Residents in the Iroquois Central School District are heading to the polls Wednesday to decide whether to approve two capital improvement projects that won’t affect how much they pay in taxes.
The first proposition is a $17 million facilities reconstruction and renovation, a “no-frills” project to make several needed repairs.
The second proposition is a $6 million “community-initiated” athletic renovation.
District officials point out that Proposition 1 has zero local tax impact and will address health and safety issues, along with upgrading security and improved technology infrastructure.
“Between state aid and what we have in reserve, there will not be a tax impact to the taxpayer,” Superintendent Douglas Scofield said.
The project includes roof reconstruction at Marilla Primary, the middle school and the high school, improving insulation and installing additional roof drains.
According to district documents, the new roofing holds a 30-year warranty.
After safety renovations are complete, all district buildings will have entrance vestibules with “security zones” to identify people entering the building, and all doors will be equipped with an electronic locking system for security.
Funds also will be used to make repairs to district parking lots and driveways, along with reconstruction of heating and ventilation systems.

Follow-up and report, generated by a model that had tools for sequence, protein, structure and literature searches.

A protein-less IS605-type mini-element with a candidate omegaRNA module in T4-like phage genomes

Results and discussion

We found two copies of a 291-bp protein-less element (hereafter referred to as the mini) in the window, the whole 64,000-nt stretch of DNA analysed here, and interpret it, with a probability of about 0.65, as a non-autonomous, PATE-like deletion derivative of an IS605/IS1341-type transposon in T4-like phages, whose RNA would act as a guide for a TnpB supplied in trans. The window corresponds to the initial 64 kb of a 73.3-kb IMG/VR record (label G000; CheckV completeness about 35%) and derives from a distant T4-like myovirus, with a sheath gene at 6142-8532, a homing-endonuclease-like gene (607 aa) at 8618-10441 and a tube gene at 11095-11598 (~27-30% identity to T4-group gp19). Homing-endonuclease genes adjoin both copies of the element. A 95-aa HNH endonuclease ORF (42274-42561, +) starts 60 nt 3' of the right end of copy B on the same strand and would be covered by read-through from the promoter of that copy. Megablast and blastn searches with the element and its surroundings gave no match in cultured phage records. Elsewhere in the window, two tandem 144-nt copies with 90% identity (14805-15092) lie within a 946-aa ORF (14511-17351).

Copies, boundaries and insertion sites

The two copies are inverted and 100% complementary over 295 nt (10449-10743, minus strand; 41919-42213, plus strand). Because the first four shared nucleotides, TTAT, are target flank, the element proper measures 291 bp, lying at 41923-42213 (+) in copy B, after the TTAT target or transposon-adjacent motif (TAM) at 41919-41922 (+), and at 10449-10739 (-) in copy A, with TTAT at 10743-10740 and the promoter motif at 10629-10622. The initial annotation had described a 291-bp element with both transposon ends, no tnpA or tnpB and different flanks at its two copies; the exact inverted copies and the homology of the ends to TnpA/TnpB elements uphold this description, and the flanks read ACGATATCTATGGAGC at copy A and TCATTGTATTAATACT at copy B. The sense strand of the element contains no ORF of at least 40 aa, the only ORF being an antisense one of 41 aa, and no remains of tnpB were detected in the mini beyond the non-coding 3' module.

A 60-year-old steam boiler and associated distribution system in the middle school will be replaced and upgraded.
Fire alarm system upgrades, asbestos abatement and an upgrade to the middle school auditorium’s lighting are also planned.
The sports facility proposition is dependent on two things: The first proposition must pass, and the Iroquois sports boosters must succeed in raising the local contribution – about $2 million – for the project by Feb. 28, 2017.
If both don’t happen, then the district will not follow through with Proposition 2.
“It is strictly donations,” Board President Charles Specht said. “They get the donations, the project goes forward; if they don’t get the donations, it does not go forward. Funds will not be used from our reserves.”
The proposed facility includes a multipurpose synthetic turf field, an eight-lane 400-meter track and bleachers and would be built on the current athletic field located west of Girdle Road, across from the main school campus.
The idea of upgrading the sports program developed after several residents approached district officials last year seeking a new sports facility.
Scofield said from the start that the group intended to use donations to fund the project, to keep the public from having to foot the bill.
“Listening to the public, and their plan that it would be no cost to the taxpayers, that sounded like something that we could more forward with,” Scofield said.
The district vote takes place until 9 p.m. Wednesday in the intermediate building, 2111 Girdle Road, Elma.